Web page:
He's tried his best to fit every pair of shoes Rick throws at him, but on these objective days he worries his best isn't enough, and that Rick is finally expecting too much of him.

Whatever he's trying to convince himself of, whether that be to stay by Rick's side or split away from it, he never really does get his answer. Just a vague acceptance that whatever comes will come. So far nobody's looking to drive him out of the prison with pitchforks. Nobody's looking to bash his face in. He feels guilty for not feeling guilty; he'd prefer not to break his brain thinking too hard on that one.

He told the truth when he said he tries to avoid thinking of his brother at all times, for their sakes as much as his own, but these past two weeks it's been unavoidable. Whenever he's alone, whenever he sees that detachment in Carl's curious looks or feels Carol's enthusiastic avoidance of the elephant in the frigging room, it crawls up the back of his throat like dry-swallowed pill. He's pretty sure Merle would have a stroke if he learned his brother was in fact happier than he'd ever been in his entire like, and that most of that satisfaction came from how frequently he gets to touch Rick's dick.

No small part of his contentment came from the fact his life didn't have Merle in it, but the less he thought about that the better.

Before the people fate gave to him to protect, there was only Merle. He was jammed so far under Merle's thumb he was wedged between the nail and a bed of raw flesh, a suffocating trap he never quite realised he was caught in, never felt the impulse to chew off his own leg and escape.

Until little over a year ago every decision he made, every action, every word, it all came down to whether or not it would affect Merle. The worst consequence, to him at least, wasn't the law or the violence that hung at the edges of their lives thanks to Merle's little hobby, lingering like forgotten portraits in a foyer. The worst thing that could've possibly happened to him before the turn was losing Merle, be it from a bar fight he wasn't there to intervene in or a few choice words that sent one of them packing. It didn't matter how much Daryl wanted to be the one to start that bar fight, to break a pool cue over the back of his brother's head and toss him out the door on his face. It didn't matter all the things he wanted to say, whether it was "leave me be", or "you're such a useless piece of shit", or "I hate you". Not that Merle was an entirely bad brother, he just wasn't a good person, but Daryl understood that – he'd always understood that, he just never realised how Merle being less than good would come back to bite him in the ass.

For all that he'd indentured his fucking life to his brother, the only person who had given a shit and ever would give a shit about him, having him gone was strangely…liberating. Shit, he could finally think. Not that it was a new experience for him – thinking, that is – but having Merle in your life had a certain prerequisite for numbness.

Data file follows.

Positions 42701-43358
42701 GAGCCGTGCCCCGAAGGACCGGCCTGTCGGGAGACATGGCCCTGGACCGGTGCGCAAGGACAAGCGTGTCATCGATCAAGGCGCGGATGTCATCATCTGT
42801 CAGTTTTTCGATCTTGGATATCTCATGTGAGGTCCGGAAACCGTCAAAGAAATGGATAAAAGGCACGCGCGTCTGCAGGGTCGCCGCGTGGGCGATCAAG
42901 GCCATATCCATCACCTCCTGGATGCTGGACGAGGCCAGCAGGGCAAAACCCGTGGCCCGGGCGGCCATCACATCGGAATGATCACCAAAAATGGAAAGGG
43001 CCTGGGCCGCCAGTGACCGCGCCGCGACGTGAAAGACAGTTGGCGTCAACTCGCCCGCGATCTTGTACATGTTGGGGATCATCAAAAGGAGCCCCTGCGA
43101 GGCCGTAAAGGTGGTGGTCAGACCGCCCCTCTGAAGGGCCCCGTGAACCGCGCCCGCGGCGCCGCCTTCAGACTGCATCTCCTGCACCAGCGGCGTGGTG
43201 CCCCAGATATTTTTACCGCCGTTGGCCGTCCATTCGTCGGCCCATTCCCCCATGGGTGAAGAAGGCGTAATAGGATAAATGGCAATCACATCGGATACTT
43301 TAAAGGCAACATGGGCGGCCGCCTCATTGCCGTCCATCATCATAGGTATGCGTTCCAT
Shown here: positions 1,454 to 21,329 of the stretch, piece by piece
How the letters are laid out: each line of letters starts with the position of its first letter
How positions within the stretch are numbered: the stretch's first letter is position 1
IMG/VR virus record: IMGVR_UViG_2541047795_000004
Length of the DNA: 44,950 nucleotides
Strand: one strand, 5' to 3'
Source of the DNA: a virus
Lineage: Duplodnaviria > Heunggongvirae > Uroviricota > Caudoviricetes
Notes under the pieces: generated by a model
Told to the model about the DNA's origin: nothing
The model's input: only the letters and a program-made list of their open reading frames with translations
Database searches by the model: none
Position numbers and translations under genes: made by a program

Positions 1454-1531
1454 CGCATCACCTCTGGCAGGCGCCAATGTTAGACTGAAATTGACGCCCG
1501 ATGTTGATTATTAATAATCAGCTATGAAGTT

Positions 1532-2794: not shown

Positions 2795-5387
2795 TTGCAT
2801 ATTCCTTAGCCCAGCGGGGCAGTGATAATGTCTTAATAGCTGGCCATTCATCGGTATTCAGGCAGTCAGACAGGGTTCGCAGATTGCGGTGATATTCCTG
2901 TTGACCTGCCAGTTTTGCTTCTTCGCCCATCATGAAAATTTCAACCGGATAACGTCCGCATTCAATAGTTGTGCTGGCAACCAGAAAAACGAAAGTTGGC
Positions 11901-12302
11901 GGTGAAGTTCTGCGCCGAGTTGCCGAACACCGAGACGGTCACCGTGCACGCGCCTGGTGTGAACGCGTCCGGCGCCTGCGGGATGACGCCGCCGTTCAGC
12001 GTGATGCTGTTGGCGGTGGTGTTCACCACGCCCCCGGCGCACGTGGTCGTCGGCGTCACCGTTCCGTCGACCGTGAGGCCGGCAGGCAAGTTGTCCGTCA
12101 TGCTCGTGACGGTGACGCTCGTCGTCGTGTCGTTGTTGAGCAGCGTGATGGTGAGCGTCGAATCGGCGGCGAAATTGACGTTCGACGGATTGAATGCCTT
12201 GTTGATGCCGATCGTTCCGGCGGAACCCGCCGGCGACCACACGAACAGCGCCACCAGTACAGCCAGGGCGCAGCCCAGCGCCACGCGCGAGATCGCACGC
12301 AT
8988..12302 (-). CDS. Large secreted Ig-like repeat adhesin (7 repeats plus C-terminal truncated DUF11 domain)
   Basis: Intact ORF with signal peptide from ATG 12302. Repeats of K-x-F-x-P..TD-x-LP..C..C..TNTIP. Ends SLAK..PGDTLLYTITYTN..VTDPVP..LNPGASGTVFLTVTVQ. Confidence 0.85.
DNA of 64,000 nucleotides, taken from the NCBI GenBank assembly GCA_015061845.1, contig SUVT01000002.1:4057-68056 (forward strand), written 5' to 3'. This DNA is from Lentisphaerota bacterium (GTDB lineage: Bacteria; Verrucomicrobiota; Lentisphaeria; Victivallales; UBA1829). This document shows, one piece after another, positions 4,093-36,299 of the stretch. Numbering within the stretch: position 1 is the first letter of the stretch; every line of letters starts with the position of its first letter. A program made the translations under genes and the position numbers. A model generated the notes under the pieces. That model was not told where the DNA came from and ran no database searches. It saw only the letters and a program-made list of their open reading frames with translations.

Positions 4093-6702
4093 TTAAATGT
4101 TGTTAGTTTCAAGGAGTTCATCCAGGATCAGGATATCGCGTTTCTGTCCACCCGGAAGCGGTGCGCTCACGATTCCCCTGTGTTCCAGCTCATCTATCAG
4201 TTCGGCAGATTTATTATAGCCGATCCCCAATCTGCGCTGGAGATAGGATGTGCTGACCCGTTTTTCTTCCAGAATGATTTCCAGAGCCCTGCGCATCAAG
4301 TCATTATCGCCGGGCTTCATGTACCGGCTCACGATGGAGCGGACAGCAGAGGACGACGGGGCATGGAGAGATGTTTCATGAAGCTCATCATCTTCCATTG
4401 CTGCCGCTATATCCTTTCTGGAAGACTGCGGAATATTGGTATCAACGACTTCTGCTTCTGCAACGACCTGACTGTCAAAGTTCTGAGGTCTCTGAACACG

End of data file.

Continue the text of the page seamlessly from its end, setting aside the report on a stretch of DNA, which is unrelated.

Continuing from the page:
It took him a few weeks after losing Merle to adapt to not second-guessing his every whim. The shit Merle would laugh at him for; making an actual effort to befriend a kid, knowing what part of Asia exactly Glenn's family came from, struggling to keep the whole group fed because he wanted them all alive and healthy, turning Carol's subtle flirtations down like he should've Rick's, the fact he didn't turn Rick down at all; these were the things he did because Merle wasn't here to tell him not to.

Seeing Merle's severed hand on that rooftop was the worst moment of his life.

The worst things always happen when he's alone, be it to the wispy kid with a shirt fused to the sores on his back, or to the exhausted man that almost killed himself trying to survive on his own.

He was going to kill Rick Grimes. He was going to take him apart piece by fucking piece, feed his family to the geeks, he was going to set fire to the man's life and watch him burn, and he wasn't going to let no group of wannabe gangsters take that right away from him. He was conflicted of course, sometimes confusing whether or not he was intrigued or irritated by the hero complex, sometimes not so sure if the trust he put in the other man was because he was pretending to believe in him or because he truly wanted to.

"He's one of our group, more or less," he'd said, and Daryl never quite got over the way it made him bristle. He'd been providing for these ungrateful bastards for weeks - regardless of whether or not he and Merle decided robbing the camp blind was their ultimate course of action, he was still sticking his neck out to bring food back to them, under no obligation to share it but knowing if they didn't they'd be under even more suspicion – and he'd helped set up perimeters and kill off wandering corpses. Then some new guy came along and felt he had more claim to these people after just one night? Oh it was just fuel to his fire. Keep going, he'd thought, lava in his bloodstream, what more crap can come out of your mouth? Make my day.